5. The object very suddenly disappeared, leaving no trace of its earlier presence.
6. During the discussion with Mr. Churchill, a consultant (who worked in the Cumbria area during the War) dismissed any possibility that the object had been a missile, since a missile could not suddenly match its speed with a slower aircraft and then accelerate again. He declared that the event was totally beyond any imagined capabilities of the time. Another person at the meeting raised the possibility of an unidentified flying object, at which point Mr. Churchill declared that the incident should be immediately classified for at least 50 years and its status reviewed by a future Prime Minister.

Finally, the scientist summarised his claim as follows, adding some information about the motivation behind the cover-up not repeated elsewhere:

It is claimed that my grandfather, [redacted] was present during a debate between Winston Churchill and Mr. Eisenhower during World War II involving making a decision about an unexpected incident experienced by a RAF bomber aircrew returning to the UK after a mission into Germany. Mr Churchill is reported to have made a declaration to the effect of the following:

"This event should be immediately classified since it would create mass panic amongst the general population and destroy one's belief in the Church."

Let's start there. I don't see why there would have been any need for a decision regarding the classification of this incident: it was wartime, and information concerning all military operations was classified unless and until cleared for public release. Of course, the exact level of classification could have been up for debate, but there was surely no great danger that the public was about to learn of an RAF aircraft being intercepted by an ultra-high-tech vehicle of unknown origin.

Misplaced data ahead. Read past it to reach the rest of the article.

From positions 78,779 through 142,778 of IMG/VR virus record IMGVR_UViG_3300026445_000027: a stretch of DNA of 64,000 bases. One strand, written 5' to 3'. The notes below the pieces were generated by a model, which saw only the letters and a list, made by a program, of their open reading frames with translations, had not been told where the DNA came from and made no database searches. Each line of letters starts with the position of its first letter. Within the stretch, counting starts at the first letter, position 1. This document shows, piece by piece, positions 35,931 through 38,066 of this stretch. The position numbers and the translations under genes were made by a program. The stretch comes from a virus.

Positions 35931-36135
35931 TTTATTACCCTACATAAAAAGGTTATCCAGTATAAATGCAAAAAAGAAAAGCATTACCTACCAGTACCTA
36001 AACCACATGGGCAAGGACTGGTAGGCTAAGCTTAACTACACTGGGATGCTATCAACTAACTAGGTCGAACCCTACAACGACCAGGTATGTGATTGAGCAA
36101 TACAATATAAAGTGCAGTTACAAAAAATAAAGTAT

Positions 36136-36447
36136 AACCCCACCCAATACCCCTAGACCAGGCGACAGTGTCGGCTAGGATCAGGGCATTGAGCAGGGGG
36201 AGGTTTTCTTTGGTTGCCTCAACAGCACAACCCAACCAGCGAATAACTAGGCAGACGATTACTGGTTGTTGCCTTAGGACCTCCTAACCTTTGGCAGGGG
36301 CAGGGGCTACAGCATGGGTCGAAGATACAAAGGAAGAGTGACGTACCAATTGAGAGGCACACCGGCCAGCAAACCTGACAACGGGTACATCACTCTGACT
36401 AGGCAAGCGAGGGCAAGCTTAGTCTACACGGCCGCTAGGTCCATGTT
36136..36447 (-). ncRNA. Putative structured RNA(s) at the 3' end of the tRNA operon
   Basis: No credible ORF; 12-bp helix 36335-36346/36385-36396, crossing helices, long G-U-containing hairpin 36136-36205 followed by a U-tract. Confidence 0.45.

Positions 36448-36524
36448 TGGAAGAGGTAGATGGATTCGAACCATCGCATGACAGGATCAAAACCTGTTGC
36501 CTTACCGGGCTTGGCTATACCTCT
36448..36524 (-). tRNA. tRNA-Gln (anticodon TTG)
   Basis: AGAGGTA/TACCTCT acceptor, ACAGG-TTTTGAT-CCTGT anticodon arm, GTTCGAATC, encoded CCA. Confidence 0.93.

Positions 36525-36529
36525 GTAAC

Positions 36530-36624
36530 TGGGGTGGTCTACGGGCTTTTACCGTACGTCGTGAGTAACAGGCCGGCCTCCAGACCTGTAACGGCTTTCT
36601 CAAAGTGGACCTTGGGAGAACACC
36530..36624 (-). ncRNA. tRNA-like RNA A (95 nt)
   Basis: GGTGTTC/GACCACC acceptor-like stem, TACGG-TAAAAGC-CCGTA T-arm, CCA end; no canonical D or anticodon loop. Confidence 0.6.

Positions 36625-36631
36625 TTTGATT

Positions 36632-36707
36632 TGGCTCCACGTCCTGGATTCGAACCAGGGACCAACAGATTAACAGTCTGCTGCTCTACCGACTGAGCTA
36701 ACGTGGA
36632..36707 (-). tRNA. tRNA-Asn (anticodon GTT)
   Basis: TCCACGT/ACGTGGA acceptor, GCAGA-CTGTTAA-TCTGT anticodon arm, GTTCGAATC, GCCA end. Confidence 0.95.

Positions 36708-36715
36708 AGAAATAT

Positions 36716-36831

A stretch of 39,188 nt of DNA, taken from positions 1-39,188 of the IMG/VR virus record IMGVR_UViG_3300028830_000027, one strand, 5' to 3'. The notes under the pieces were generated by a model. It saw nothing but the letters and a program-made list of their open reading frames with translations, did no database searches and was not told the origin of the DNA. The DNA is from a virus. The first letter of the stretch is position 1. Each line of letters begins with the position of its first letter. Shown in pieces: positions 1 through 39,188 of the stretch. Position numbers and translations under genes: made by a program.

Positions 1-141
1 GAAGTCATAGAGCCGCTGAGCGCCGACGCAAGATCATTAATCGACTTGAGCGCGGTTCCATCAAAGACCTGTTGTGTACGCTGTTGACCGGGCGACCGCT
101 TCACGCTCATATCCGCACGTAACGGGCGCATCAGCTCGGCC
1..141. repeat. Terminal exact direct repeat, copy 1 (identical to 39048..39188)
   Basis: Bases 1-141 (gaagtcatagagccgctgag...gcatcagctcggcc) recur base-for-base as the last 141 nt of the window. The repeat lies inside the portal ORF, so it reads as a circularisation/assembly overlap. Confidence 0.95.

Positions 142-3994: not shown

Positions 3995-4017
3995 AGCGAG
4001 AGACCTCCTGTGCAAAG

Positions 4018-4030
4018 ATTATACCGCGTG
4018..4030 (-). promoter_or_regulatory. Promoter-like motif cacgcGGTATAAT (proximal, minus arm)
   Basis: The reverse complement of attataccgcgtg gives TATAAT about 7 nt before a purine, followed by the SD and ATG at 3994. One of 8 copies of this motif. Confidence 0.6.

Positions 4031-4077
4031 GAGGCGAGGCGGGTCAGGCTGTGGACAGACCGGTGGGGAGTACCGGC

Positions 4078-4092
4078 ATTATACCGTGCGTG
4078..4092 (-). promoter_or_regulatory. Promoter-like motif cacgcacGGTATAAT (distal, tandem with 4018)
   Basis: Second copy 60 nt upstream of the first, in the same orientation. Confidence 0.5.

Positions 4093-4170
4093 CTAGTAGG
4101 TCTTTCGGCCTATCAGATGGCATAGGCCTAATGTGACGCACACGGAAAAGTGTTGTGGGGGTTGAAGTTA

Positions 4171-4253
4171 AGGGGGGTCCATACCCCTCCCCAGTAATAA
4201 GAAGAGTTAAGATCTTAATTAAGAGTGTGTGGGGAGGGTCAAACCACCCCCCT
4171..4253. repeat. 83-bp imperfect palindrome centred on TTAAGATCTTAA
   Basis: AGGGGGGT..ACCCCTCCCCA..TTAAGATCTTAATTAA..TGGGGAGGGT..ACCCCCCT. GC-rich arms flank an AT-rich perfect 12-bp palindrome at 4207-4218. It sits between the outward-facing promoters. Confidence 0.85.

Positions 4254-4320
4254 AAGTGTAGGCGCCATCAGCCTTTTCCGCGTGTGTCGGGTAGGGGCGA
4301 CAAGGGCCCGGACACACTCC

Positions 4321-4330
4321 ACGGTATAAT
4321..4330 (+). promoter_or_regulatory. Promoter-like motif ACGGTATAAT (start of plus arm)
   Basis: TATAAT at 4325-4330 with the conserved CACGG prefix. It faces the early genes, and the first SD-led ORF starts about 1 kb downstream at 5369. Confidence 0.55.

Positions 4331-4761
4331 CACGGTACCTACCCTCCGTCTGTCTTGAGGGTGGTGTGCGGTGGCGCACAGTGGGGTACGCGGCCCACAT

The bit about it destroying 'belief in the Church' is a bit odd. This is presumably a reference to a belief that this high-tech vehicle had to be of extraterrestrial origin, an idea which is nowhere explicitly addressed in the story above (unless it is the reference to the object as an 'unidentified flying object', a term definitely not in use during the war but which in common usage is often taken to mean an extraterrestrial spacecraft). Some theologians (and Tom Paine) have argued that the plurality of worlds question is problematic for Christianity (e.g. did the crucifixion save all sentient beings everywhere in the universe or did every single inhabited planet have its own salvation event?) But it seems unlikely that this was the first concern that would have popped into Churchill's head. I'm sure he would have read The War of the Worlds at some point; was he not worried about the intentions of this highly advanced alien race? For Churchill to worry about the effect of such revelations on the morale of a war-weary British populace, on the other hand, does sound about right, though people might have found them cause for hope rather than fear.

The weirdly cryptic reference to the consultant who worked in the Cumbrian area (is this really a description you'd pass on to your nine year old daughter?) also leads to the extraterrestrial inference. But I don't see how he could categorically claim that it was impossible for the object to be a missile, because a missile couldn't slow down to match an aircraft's speed and then accelerate again. It certainly implies a high degree of control for a (presumably) unmanned vehicle, but that could have been supplied from a nearby mothership (an aeroplane, not a spaceship!) Still, I can see someone like R. V. Jones making persuasive technical arguments as to why such a vehicle was beyond current technology. (Jones himself would be an obvious choice for the 'consultant', especially given his later interest in ghost rockets and flying saucers, but he worked in London during the war.)

Turning to the purported incident itself, the details are a bit suspect. An RAF photo reconnaissance mission over 'France or Germany during the latter part of the War' would most likely have been carried out by a Spitfire or a Mosquito. There's a suggestion that the aircraft involved had more than one aircrew, in which case it would have to be a Mosquito. But somewhere along the process of retelling the story the idea seems to have crept in that photo reconnaissance work involved pointing a camera out the cockpit window ('One of the photographic airmen began to take photographs of it') which of course was not the case: the cameras were fitted inside special bays and could not have been used in this ad hoc fashion. (Not to mention that all the film probably would have been exposed over enemy territory.) Perhaps this part has just been garbled.